Komodo National Park
  • Daily Expedition Reports
  • 28 Aug 2015

Komodo National Park, 8/28/2015, National Geographic Orion

  • Aboard the National Geographic Orion
  • Pacific Islands & Australia - OLD

"Here be dragons!" Such words were written into the corners of old mariner's maps, hidden on the edges of the known world beyond which monsters both magnificent and terrible lay, creatures of nightmares that only the brave and foolhardy would seek out. Today we know that dragons don't really exist, right? Surely not the mythical, fire-breathing versions of our most fanciful tales? Fortunately not, perhaps, but that doesn't mean that the wondrous creatures that probably inspired them—at least in part--can't still be found.

Today National Geographic Orion sailed into Komodo National Park to visit a group of islands upon which dragons really do still exist. The so-called Komodo dragon (Varanus komodoensis) is the world's largest lizard, a "monitor" of fearsome repute, capable of hunting down prey much larger than itself, and indeed occasionally even of killing a human. Now thought to have first evolved in northern Australia, along with similarly gigantic megafauna, it was able to spread throughout the islands that now comprise Indonesia when sea levels were much lower over 900,000 years ago. When sea levels rose these reptiles became stranded, and while extirpated from much of their former range, dragons are now endemic on a handful of small islands sandwiched between the Indian Ocean and Flores Sea. On these islands, the dragon is truly a master of its domain, and filled with tales of these magnificent monsters, our guests made their way in the early morning to the island of Rinca.

We passed through an archway flanked by two large Komodo dragon statues, the sign above which may as well have said "Welcome to Jurassic Park." Dinosaurs lurked here, and it wasn't long before we spotted them lumbering around in the distance. Before we'd even departed on our longer treks, we encountered a group of dragons, some lying alone, others sitting in small groups (by the kitchen, not coincidentally), and they did not disappoint. Long, yellow tongues flicked out like tendrils of flame, tasting the air and our unusual odour. Heads lifted with interest, surveying these visitors who had the audacity to visit their domain. As we trekked around the island, we were struck by the ancient nature of the place, seemingly unchanged for hundreds of thousands of years. Dragons lurked in the shadows, dragons walked by us boldly on pathways, dragons tended their nests, and we were even lucky enough to find a dragon digging a new nesting hole, flinging clawfuls of soil backwards as we watched. The other wildlife on the island seemed rather intimidated by all this, with deer gingerly grazing with one eye on the dragons (not surprisingly, venison features heavily in Komodo dragon menus), even the normally cheeky capuchin monkeys keeping their distance. It was a magical place that was a dream come true to visit for many of our guests.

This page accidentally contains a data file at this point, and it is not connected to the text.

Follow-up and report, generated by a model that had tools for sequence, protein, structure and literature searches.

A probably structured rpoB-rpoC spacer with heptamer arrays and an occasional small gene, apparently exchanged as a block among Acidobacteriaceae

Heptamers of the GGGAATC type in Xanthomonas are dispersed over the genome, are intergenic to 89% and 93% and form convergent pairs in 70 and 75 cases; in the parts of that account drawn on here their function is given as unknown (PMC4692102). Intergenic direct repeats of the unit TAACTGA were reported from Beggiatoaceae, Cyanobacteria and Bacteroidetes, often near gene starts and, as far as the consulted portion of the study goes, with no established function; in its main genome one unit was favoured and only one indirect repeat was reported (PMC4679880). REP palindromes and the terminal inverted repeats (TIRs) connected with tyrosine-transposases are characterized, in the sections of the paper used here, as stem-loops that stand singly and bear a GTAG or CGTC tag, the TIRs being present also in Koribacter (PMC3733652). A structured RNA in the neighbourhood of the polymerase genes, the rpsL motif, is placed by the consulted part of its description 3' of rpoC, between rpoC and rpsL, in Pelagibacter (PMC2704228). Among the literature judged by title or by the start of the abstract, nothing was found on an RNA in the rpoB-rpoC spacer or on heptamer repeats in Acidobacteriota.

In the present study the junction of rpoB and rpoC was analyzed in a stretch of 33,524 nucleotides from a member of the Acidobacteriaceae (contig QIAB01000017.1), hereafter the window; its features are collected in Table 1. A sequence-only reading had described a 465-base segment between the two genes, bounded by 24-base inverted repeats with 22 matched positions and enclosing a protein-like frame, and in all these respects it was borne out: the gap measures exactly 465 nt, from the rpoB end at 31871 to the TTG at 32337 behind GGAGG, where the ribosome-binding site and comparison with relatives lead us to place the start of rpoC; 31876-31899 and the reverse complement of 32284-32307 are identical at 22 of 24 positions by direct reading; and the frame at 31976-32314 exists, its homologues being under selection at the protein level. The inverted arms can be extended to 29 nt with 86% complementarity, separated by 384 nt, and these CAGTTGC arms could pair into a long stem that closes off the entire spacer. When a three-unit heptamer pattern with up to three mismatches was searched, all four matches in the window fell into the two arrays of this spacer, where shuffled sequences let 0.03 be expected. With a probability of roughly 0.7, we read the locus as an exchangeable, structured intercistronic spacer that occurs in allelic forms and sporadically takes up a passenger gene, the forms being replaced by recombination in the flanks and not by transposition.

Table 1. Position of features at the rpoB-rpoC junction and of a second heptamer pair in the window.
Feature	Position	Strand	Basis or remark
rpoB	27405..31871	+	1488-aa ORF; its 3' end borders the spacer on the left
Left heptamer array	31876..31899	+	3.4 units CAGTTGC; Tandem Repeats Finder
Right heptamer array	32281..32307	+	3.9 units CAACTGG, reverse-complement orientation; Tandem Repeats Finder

The afternoon was a time to enjoy the amazing marine life of Komodo National Park, although our first intended destination was aborted after a Komodo dragon decided it was going to take up the entire beach. We headed instead for Pink Beach, so called due to the particles of red coral that wash ashore with every wave. Local colour abounded everywhere, but our guests were lost amidst the corals and the colourful fish found in wondrous number, diversity and form. A long day, then, but one not easily forgotten.

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Kimberley Expedition: Northwest Australia & Indonesia


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